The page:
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Dear Dr. McLean,

Thank you for your reply. You wrote:

> how about for the pharmacokinetics of an extended release formulation:

> if MRT is a useful shape metric for the plasma concentration time

> profile

> could VRT provide some insight as to the variability in profile shape?

I see several limitations:

1) How do we interpret VRT? If one wishes to characterize some process

by a

particular parameter, one should at least know how its values can be

interpreted. E.g., I would not know whether a low value is preferable

over a

large value, or the other way around. And if it does not matter, what

are we

using VRT for?

2) MRT and VRT are both determined by drug disposition and (in case of

an

extended release formulation) by drug release from the dosage form and

drug

absorption. By comparison to an intravenous dose or a rapidly absorbed

formulation, one can calculate an MIT (mean input time) and VIT

(variance of

the input time) by subtraction. For MIT this may work. But for VIT one

should be extremely careful, since subtraction of variances is a 'sin'

in

statistics. In particular in this case, since we know that the

precision of

VRT is generally bad (see my previous message).

So, I am still not convinced of any profit from VRT.

Best regards,

Hans Proost

Johannes H. Proost

Dept. of Pharmacokinetics and Drug Delivery

University Centre for Pharmacy

Antonius Deusinglaan 1

9713 AV Groningen, The Netherlands

tel. 31-50 363 3292

fax 31-50 363 3247

Email: j.h.proost.at.farm.rug.nl - On 17 Feb 2003 at 12:29:25, "Bert L. Lum" (bert.lum.at.coastside.net) sent the message

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Dear Emma,

In regards to your perceived need to calculate VRT, others have

discussed the merits (or lack of) of calculating VRT and I will not

belabor that issue. If you wish to calculate VRT you might look at the

Lagran program published in the paper: Rocci ML and Jusko WJ. Lagran

program for area and moments in pharmacokinetic analysis. Comput Progr

Biomed 15:203-217, 1983. I believe this program calculates VRT and is

coded in Fortran. I may still have it in an executable file somewhere

in the dark corners.

Bert Lum

blum.-at-.stanford.edu

[The program listing isn't included with the paper but should be

requested from the Authors...if available ;-) - db] - On 18 Feb 2003 at 11:30:08, "Durisova Maria" (exfamadu.-a-.savba.sk) sent the message

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The following message was posted to: PharmPK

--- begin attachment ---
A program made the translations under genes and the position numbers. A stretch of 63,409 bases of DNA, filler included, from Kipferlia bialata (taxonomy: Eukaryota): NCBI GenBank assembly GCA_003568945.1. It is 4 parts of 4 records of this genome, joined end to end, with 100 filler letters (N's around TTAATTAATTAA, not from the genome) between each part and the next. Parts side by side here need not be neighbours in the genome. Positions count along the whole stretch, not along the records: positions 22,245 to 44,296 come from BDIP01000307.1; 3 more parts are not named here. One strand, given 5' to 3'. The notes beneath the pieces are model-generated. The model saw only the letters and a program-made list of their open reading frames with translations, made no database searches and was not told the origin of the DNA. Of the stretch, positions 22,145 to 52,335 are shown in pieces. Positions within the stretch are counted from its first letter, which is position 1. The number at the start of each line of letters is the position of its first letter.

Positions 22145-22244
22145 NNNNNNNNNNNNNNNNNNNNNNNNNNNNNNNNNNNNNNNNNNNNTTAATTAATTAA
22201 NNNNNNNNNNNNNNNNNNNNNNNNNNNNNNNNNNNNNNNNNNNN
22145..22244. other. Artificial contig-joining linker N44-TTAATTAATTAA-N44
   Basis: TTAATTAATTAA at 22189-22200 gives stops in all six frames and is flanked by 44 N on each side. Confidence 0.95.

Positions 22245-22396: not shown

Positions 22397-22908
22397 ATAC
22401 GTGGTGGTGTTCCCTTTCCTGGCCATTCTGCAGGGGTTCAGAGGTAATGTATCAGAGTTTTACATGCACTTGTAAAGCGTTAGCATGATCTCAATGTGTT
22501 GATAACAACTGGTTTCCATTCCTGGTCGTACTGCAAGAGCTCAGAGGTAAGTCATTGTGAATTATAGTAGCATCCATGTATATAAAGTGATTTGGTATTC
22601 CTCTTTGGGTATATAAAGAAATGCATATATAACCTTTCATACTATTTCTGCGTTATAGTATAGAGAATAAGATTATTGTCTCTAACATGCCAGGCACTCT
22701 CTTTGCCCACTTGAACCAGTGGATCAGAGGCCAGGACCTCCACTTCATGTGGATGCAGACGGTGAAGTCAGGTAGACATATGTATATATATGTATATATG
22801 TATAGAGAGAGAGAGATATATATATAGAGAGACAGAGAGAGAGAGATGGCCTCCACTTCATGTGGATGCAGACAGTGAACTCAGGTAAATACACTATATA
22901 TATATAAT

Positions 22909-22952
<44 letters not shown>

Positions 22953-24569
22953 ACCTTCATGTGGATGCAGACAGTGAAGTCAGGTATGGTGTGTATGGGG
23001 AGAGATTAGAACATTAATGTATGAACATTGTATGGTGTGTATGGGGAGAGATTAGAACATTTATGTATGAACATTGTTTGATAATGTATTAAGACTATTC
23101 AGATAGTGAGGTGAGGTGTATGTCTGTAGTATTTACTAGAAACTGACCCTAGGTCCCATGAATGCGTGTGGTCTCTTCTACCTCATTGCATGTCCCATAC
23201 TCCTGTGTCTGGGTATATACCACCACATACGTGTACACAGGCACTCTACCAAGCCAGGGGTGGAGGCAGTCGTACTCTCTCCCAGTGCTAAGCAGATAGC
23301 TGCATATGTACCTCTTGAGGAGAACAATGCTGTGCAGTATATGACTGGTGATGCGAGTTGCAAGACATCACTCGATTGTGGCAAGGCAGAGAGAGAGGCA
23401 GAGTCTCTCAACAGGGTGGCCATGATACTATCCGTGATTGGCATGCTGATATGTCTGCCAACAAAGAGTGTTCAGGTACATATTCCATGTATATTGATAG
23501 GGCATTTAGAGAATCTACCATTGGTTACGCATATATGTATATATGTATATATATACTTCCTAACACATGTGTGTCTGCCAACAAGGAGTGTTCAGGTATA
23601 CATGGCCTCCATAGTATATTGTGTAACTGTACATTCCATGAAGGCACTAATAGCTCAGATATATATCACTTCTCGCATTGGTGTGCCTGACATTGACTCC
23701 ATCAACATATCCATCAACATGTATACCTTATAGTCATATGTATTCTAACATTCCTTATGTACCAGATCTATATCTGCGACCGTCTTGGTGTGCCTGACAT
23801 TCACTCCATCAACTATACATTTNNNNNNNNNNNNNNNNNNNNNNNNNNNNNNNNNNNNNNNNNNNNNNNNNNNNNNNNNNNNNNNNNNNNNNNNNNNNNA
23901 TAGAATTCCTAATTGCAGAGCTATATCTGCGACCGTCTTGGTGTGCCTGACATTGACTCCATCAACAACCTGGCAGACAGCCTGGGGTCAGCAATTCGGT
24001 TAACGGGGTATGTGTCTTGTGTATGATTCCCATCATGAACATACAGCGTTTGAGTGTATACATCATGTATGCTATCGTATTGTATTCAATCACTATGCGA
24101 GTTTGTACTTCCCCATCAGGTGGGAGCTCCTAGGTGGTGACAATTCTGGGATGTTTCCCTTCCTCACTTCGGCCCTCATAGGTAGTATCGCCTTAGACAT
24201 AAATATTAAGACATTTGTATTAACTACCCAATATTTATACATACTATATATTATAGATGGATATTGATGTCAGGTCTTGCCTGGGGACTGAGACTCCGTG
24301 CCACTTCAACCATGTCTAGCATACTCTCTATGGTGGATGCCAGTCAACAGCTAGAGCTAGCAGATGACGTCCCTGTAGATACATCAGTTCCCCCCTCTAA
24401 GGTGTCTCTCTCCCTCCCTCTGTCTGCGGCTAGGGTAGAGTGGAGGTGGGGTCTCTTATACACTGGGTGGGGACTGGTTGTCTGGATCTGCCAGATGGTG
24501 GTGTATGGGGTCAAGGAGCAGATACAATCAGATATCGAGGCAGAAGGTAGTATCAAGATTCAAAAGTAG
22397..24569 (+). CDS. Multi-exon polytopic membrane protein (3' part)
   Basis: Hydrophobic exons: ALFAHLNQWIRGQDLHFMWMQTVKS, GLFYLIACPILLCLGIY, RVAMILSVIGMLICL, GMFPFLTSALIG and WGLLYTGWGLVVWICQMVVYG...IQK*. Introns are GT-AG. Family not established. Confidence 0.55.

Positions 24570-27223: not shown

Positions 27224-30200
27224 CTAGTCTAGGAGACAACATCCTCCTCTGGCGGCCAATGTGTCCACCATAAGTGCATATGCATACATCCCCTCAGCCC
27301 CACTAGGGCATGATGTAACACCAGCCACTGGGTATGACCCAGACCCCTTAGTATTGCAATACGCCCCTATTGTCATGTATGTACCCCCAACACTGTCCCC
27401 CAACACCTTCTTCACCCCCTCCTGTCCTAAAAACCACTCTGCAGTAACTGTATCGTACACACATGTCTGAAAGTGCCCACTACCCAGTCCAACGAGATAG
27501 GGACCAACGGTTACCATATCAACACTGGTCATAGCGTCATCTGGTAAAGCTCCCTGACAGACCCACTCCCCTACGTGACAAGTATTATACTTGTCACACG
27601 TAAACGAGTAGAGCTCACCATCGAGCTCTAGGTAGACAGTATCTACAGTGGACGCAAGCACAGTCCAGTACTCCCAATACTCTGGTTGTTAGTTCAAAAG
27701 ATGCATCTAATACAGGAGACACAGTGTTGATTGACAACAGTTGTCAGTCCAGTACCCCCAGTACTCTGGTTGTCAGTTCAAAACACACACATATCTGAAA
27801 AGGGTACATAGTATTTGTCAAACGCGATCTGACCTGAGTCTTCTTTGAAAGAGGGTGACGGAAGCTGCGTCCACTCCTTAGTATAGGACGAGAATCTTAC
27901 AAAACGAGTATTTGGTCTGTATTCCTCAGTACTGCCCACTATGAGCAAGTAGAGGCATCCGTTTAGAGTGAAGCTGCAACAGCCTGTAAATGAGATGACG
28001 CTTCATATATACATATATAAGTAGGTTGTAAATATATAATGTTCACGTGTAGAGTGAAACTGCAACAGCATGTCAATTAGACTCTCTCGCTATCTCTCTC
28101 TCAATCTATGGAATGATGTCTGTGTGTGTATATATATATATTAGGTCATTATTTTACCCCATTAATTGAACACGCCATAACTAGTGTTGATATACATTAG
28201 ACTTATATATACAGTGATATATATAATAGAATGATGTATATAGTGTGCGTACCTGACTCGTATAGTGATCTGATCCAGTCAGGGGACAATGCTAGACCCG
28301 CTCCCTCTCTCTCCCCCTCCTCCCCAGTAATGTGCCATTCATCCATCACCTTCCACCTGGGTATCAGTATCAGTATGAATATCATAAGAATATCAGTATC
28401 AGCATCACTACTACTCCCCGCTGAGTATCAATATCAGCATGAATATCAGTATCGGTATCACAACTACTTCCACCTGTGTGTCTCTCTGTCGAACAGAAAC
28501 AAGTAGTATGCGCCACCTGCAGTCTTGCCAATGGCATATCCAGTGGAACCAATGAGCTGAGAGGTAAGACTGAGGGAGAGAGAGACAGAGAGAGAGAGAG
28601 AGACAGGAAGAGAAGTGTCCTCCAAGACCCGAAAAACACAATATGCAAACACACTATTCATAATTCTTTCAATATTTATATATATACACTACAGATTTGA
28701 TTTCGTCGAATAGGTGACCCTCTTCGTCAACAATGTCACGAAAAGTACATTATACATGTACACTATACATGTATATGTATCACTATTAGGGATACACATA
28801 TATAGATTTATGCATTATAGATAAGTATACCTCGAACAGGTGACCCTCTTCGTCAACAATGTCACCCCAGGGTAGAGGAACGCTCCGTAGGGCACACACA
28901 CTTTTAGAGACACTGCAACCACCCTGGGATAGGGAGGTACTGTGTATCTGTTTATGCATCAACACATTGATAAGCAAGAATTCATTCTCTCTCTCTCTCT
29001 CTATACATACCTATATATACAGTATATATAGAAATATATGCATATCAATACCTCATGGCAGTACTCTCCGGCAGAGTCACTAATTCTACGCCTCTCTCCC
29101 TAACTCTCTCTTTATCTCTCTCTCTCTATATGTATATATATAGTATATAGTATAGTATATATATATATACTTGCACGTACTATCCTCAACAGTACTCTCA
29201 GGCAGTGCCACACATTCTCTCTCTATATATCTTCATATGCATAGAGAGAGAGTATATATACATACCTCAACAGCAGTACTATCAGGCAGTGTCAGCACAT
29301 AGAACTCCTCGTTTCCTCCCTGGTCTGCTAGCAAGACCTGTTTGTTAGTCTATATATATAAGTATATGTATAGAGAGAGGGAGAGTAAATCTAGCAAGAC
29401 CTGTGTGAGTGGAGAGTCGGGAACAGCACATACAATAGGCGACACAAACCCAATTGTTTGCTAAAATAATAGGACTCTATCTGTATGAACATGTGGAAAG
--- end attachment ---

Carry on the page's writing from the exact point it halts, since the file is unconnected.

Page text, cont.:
As far as the calculation of VRT(0-infinity), thereafter VRT, on the

basis

of measured data is concerned, I would like to add the following:

One may want to use the model presented e.g. in our studies (1,2)

and to calculate MRT and VRT by using the simple formulas

MRT=b1-a1/a0 Eq.1

VRT=b1^2-2b2+2a2/a0-(a1/a0)^2, Eq.2

where a1, a0, b1, b2 are the model parameters (3,4).

The formula given by Eq.1 was presented in study (5) where its outcome

was

named the

sojourn time of a drug in the compartment. However, the right site of

Eq.1

gives

the general model-based formula for the determination of the mean time

parameter.

Analogously, the right site of Eq.2 gives the general model-based

formula

for the

determination of the variance of the respective mean time parameter.

The biological purport of the mean time parameter determined according

to

the general formula given at the right site of Eq.2 depends on a

particular

process under study. For example, this formula can be used to calculate

the

mean time

of bioavailability process (6), the mean absorption time (7), the mean

dissolution time (8),

or the mean time of metabolite formation (9), etc.

1. Dedik L, Durisova M. J Pharmacokin Biopharm 1994; 22: 293-307

2. Durisova M, Dedik L. J Pharmacokin Pharmacodyn 2002; 29: 427-444

3. Dedik L, Durisova M. Clin Res Regul Affairs 1996; 13: 199-210

4. Dedik L, Durisova M. Pharmazie 1997; 52: 404-405

5. G. Segre. J Pharmacokin. Biopharm, 1988; 16: 657-666.

6. Durisova M, Dedik L, Balan M. Bull Math Biol 1995; 57: 787-808

7. Dedik L, Durisova M. Methods Find Exp Clin Pharmacol 2001; 23:

213-217

8. Dedik L, Durisova M. Comput Methods Programs Biomed 2002; 69: 49-55

9. Dedik L, Durisova M. Methods Find Exp Clin Pharmacol 2002; 24:

481-486

Regards,

Maria Durisova, PhD, DSc,

Head of Department of Pharmacokinetics

and Scientific Secretary

Institute of Experimental Pharmacology

Slovak Academy of Sciences

841 04 Bratislava 4

Slovak Republic

Phone/Fax: +421 2 54775928

http://www.uef.sav.sk/durisova.htm